More than 65,000 people were temporarily laid off from full-time employment in Finland during March, which is a new record monthly high.
The figures come from Akava, a confederation of professional and managerial unions.
The previous record dates back to the recession of the early 1990s, when just over 55,000 people were furloughed in February 1993.
During the financial crisis of 2008 and 2009, the highest recorded figure for one month was 40,000.
Akava's chief economist Pasi Sorjonen told Yle the number could be as high as 155,000 in April, as companies in many industries have either had to close their doors completely or have lost their customers due to the coronavirus pandemic.
Sorjonen added that the increase in temporary layoffs is not reflected in Statistics Finland's latest unemployment figures because those who have been temporarily laid off or who have been laid off for more than three months are considered unemployed. Akava has no current information on the duration of all layoffs.
Finland's system allows for employers to temporarily lay off employees after talks with unions, with employees receiving income-linked unemployment benefits during the furlough.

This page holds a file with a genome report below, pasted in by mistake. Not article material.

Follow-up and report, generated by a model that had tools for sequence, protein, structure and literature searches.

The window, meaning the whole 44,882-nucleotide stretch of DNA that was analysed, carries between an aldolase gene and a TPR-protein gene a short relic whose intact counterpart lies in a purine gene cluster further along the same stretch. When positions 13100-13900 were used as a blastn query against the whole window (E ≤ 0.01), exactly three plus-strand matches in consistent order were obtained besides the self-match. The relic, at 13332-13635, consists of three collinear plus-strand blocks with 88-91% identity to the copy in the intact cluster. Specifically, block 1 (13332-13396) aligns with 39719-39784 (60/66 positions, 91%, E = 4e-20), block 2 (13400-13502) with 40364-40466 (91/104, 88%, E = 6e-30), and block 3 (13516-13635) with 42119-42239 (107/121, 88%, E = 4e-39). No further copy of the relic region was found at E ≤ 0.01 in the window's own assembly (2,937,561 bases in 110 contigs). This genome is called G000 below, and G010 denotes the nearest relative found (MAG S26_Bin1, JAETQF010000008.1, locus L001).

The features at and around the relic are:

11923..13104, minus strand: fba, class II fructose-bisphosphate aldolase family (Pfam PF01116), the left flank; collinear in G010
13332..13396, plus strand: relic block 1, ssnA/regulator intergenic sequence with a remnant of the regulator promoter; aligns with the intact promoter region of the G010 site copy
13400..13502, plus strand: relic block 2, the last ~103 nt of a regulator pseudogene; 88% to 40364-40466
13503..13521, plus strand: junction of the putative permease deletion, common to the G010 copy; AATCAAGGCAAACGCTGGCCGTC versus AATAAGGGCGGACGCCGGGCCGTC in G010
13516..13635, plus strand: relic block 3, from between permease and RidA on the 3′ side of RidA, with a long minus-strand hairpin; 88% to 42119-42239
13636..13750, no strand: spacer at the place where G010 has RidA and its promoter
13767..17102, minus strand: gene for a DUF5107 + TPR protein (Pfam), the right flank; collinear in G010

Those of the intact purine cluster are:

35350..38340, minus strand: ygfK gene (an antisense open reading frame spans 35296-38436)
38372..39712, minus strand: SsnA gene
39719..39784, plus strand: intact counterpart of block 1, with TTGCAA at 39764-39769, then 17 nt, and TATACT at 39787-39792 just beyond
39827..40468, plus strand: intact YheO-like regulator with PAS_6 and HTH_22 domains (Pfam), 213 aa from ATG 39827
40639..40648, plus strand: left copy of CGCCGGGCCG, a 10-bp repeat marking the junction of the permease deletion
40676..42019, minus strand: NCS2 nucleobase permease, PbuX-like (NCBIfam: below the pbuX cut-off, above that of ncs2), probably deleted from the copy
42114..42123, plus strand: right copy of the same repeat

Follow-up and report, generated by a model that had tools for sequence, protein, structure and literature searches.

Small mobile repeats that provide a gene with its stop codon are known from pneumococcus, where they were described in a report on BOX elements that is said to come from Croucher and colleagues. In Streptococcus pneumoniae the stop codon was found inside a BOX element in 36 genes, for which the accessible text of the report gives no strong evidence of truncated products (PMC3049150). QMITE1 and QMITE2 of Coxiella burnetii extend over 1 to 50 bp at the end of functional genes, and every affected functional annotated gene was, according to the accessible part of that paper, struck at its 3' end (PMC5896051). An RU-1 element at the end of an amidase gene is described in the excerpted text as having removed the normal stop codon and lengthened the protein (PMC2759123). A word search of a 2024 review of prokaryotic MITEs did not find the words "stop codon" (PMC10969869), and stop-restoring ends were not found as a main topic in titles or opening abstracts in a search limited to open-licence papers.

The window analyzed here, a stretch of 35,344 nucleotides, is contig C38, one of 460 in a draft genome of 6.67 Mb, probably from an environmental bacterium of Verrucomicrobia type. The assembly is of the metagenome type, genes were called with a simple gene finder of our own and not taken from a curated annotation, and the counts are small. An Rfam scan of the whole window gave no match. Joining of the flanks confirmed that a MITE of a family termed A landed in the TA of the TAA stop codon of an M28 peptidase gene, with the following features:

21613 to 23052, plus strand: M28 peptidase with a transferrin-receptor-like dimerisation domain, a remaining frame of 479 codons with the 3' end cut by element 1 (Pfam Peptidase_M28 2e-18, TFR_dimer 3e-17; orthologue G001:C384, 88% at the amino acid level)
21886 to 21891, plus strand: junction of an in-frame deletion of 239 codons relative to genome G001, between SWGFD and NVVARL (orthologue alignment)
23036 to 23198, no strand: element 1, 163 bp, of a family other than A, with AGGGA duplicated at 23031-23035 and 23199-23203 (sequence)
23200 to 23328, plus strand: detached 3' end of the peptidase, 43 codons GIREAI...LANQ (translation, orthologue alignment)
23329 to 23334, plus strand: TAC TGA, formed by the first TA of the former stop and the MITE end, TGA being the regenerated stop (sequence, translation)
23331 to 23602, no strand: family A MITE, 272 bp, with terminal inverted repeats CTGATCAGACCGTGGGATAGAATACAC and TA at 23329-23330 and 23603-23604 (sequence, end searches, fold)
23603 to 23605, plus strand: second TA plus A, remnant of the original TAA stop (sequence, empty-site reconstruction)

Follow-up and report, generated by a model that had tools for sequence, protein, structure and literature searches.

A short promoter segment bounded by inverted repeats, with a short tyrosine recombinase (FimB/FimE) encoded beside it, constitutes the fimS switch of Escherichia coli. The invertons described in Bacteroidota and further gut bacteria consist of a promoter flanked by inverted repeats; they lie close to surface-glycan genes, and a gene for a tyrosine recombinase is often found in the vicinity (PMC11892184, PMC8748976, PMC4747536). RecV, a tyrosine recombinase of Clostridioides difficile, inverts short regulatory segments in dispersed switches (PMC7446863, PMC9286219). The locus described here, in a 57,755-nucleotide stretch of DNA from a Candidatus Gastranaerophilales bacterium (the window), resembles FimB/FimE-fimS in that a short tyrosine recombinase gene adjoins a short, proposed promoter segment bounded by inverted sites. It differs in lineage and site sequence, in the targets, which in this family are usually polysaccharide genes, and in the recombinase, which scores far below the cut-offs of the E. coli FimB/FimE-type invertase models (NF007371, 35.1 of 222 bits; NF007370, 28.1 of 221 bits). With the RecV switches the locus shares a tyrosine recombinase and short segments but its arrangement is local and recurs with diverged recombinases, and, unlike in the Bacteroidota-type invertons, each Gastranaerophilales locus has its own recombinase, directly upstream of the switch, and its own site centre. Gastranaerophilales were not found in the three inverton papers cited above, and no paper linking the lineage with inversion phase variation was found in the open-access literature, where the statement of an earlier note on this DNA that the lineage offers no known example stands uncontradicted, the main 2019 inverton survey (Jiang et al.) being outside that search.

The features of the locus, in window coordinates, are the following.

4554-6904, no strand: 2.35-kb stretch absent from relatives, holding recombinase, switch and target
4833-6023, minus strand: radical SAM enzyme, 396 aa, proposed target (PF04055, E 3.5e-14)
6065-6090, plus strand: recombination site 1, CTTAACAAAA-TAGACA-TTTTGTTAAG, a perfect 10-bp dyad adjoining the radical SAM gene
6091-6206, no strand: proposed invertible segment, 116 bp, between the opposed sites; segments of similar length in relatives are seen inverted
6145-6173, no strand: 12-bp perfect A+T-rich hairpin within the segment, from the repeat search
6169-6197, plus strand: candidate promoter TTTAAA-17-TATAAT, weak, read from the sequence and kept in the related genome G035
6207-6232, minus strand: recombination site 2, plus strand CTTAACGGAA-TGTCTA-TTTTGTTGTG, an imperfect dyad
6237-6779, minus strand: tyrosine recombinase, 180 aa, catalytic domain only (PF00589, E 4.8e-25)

During the coronavirus crisis unions agreed to slash the minimum notice required for furloughs to just five days, in an effort to ease the burden on employers facing economic uncertainty.
"Permanent job losses"
Sorjonen told Yle it is difficult to predict how many people will be made redundant on a permanent basis and how many will return to work after the crisis, as a crisis of this magnitude will inevitably cause companies and jobs to be lost permanently.
"The main thing is how deep a recession the economy enters, and for how long," Sorjonen said, adding that he believes the economy is unlikely to recover within the next two years.
The biggest different between this crisis and previous ones, according to Sorjonen, is the huge effect it has had on service sectors such as tourism and hospitality, as well as leading to the closing of museums and the cancelling of music and cultural events.
"It is clear that this is not going to get back up to speed very quickly. There will be no immediate return to the previous level," Sorjonen said, and predicted that layoffs can turn into redundancies and unemployment will rise sharply if it is still not possible to arrange large music and cultural events later in the summer.